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"Pandas" is a fascinating introduction to these popular yet seldom-seen animals. Join wildlife photographer and zoologist Heather Angel on her personal adventure as she journeys into the depths of China to catch a glimpse of the endangered giant panda and the red panda. From this collection of glorious photographs and descriptive text, you'll learn details about the panda's eating habits, habitat, and behavior, as well as conservation issues relating to its survival and endangered species status. Heather Angel trained as a zoologist and worked as a marine biologist before becoming a professional wildlife photographer. She has visited China twelve times, including four visits specifically to photograph pandas. While she was president of the Royal Photographic Society, she led a small British photographic delegation to China in 1985, when an exhibition of her wildlife photographs was staged in Beijing. In 1994, she was appointed a special professor at Nottingham University, where she teaches part of the photography module. In 1998, she was elected as the Louis Schmidt Laureate by the Biological Photographic Association. Professor Angel lives in England.
Peter Tremayne, highly acclaimed author of The Devil's Seal and Atonement of Blood, returns with The Second Death, his new Celtic mystery featuring super-sleuth Sister Fidelma. Ireland, AD 671. The Great Fair of Bealtain is almost upon the fortress of Cashel, and a line of painted wagons carries entertainers to mark the occasion. But preparations take a deathly turn when one of the carriages is set alight, and two corpses are found, lying poisoned, within. As Sister Fidelma and her companion, Eadulf, investigate, they are quickly plunged into the menacing marshlands of Osraige - where the bloody origin of the Abbey of Cainnech is wreaking his revenge. What is the symbolism of the Golden Stone, and who are the mysterious members of the Fellowship of the Raven? Fidelma and Eadulf must face untold mortal danger before they can untangle the evil that strikes at the very heart of the kingdom.
A TwoTime Widow Leading A Double Life<P><P> Miriam Giles ran away to Colorado to bury her violent pastbut this seductive, charismatic widow had a dark side that could never stay buried. After finding the "sugar daddy" she was looking for in Alan Helmick, her new marriage seemed happy. Then, two years later, Alan met a gruesome fate. Returning home from errands, Miriam found him lying in a pool of blood. Miriam showed police a cryptic note warning her to "run, run, run." But Miriam was no distraught housewife. She was a master manipulator always able to stay one step ahead of her unwitting partnerand the lawuntil now. <P> Case seen on Dateline Includes dramatic photos.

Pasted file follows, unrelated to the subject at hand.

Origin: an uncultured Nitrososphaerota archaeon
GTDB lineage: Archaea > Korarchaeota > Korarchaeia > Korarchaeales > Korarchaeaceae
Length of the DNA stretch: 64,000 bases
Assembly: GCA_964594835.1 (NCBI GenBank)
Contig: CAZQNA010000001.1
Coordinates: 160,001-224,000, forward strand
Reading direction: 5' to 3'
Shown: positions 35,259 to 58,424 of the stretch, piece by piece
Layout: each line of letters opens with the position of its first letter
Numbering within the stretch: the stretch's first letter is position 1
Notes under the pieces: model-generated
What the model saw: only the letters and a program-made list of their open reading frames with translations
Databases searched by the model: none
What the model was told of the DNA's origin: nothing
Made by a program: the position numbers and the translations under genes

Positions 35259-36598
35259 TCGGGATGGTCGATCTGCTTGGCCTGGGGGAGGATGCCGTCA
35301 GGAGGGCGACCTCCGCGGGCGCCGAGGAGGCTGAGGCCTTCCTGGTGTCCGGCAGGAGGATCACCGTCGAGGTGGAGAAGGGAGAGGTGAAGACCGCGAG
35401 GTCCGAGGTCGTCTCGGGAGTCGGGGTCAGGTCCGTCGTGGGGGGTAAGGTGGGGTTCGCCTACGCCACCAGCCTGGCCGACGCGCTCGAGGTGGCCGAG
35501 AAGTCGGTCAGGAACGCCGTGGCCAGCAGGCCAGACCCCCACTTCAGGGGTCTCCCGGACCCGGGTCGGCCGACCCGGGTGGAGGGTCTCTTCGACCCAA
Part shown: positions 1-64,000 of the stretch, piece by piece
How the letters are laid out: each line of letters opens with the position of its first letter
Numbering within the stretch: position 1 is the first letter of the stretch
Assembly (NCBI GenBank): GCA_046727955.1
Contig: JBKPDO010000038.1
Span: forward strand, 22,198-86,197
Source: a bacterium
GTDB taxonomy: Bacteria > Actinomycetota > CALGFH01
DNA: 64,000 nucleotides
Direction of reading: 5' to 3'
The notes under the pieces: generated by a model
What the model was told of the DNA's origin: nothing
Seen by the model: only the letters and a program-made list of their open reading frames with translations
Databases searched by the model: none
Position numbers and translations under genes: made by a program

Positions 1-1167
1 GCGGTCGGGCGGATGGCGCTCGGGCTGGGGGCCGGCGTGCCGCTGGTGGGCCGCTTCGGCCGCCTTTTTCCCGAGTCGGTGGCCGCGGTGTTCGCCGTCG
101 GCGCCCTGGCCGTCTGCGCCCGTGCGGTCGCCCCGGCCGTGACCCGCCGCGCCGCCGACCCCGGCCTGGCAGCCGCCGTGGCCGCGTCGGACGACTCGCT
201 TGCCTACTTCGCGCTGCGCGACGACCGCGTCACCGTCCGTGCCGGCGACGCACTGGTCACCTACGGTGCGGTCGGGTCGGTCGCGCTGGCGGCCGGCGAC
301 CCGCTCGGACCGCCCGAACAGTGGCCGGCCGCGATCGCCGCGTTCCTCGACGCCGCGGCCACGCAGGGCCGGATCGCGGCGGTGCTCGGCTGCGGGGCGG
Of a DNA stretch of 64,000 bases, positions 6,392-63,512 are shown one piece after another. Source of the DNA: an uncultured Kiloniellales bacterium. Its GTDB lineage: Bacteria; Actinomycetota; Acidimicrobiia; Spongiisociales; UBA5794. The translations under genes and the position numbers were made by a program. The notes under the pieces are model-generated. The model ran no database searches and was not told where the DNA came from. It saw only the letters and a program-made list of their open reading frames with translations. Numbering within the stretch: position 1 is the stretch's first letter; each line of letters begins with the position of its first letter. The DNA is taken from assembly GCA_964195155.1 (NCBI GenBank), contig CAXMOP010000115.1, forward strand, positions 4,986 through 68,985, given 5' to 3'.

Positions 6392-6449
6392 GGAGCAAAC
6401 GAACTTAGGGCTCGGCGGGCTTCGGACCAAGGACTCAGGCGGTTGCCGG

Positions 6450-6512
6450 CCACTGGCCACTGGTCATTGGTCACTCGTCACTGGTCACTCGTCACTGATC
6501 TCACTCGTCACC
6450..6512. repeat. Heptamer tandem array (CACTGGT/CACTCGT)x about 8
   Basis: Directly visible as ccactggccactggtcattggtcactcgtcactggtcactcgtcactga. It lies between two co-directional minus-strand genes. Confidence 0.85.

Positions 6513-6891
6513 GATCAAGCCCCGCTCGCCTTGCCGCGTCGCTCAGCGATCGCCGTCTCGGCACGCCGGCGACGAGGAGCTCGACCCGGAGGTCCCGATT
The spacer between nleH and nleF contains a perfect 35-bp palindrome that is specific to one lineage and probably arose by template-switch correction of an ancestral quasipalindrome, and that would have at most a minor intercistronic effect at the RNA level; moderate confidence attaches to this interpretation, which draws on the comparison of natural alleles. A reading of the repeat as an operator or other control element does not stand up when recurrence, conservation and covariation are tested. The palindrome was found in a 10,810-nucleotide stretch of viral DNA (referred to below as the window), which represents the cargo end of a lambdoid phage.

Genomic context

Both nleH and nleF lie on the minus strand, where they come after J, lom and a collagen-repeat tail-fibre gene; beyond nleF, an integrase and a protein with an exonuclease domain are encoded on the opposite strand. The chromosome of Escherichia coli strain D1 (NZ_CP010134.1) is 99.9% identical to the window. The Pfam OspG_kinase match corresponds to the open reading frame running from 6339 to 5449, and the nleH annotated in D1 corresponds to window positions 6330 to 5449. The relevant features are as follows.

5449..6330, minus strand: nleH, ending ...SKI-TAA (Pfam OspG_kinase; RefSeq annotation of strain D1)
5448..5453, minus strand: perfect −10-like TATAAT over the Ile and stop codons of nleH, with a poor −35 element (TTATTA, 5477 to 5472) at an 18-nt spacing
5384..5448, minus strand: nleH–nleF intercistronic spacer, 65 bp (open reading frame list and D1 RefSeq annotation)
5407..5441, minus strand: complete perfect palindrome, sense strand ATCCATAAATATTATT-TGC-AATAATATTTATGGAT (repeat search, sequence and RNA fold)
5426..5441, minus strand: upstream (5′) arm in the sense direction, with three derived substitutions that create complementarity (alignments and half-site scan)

Edited by an internationally recognized leader in the field, this third volume in the series represents the complete reference to membrane processes in the food industry. The handbook adopts a highly practical approach to this hot topic, combining the hands-on experience of the expert authors involved. They provide chapters devoted to such varied applications as dairy fractionation, electrodialysis, pressure-driven membrane processes in alcoholic beverages, membrane emulsification, contactors and bioreactors, as well as membranes for food packaging.
Antarctic and Southern Ocean scientific research has produced a wide array of important and exciting scientific advances. Spanning oceanography to tectonics, microbiology to astrophysics, the extreme Antarctic environment provides unique opportunities to expand our knowledge about how our planet works and even the very origins of the universe. Research on the Southern Ocean and the Antarctic ice sheets is becoming increasingly urgent not only for understanding the future of the region but also its interconnections with and impacts on many other parts of the globe.
The income that supports the activities of the National Academy of Sciences (NAS) comes from two major sources: program revenue received from sponsors to pay for the myriad studies and other activities undertaken each year by the National Academies of Sciences, Engineering, and Medicine, and a much smaller sum that is obtained from our endowment under the endowment spending policies adopted by the Council. The goal of the endowment is to provide stable support for the Academy's programs and activities. To achieve this goal, the Council, acting on the recommendations of the Finance Committee, has historically authorized spending from the portfolio at a rate designed to maintain the purchasing power of the endowment over time.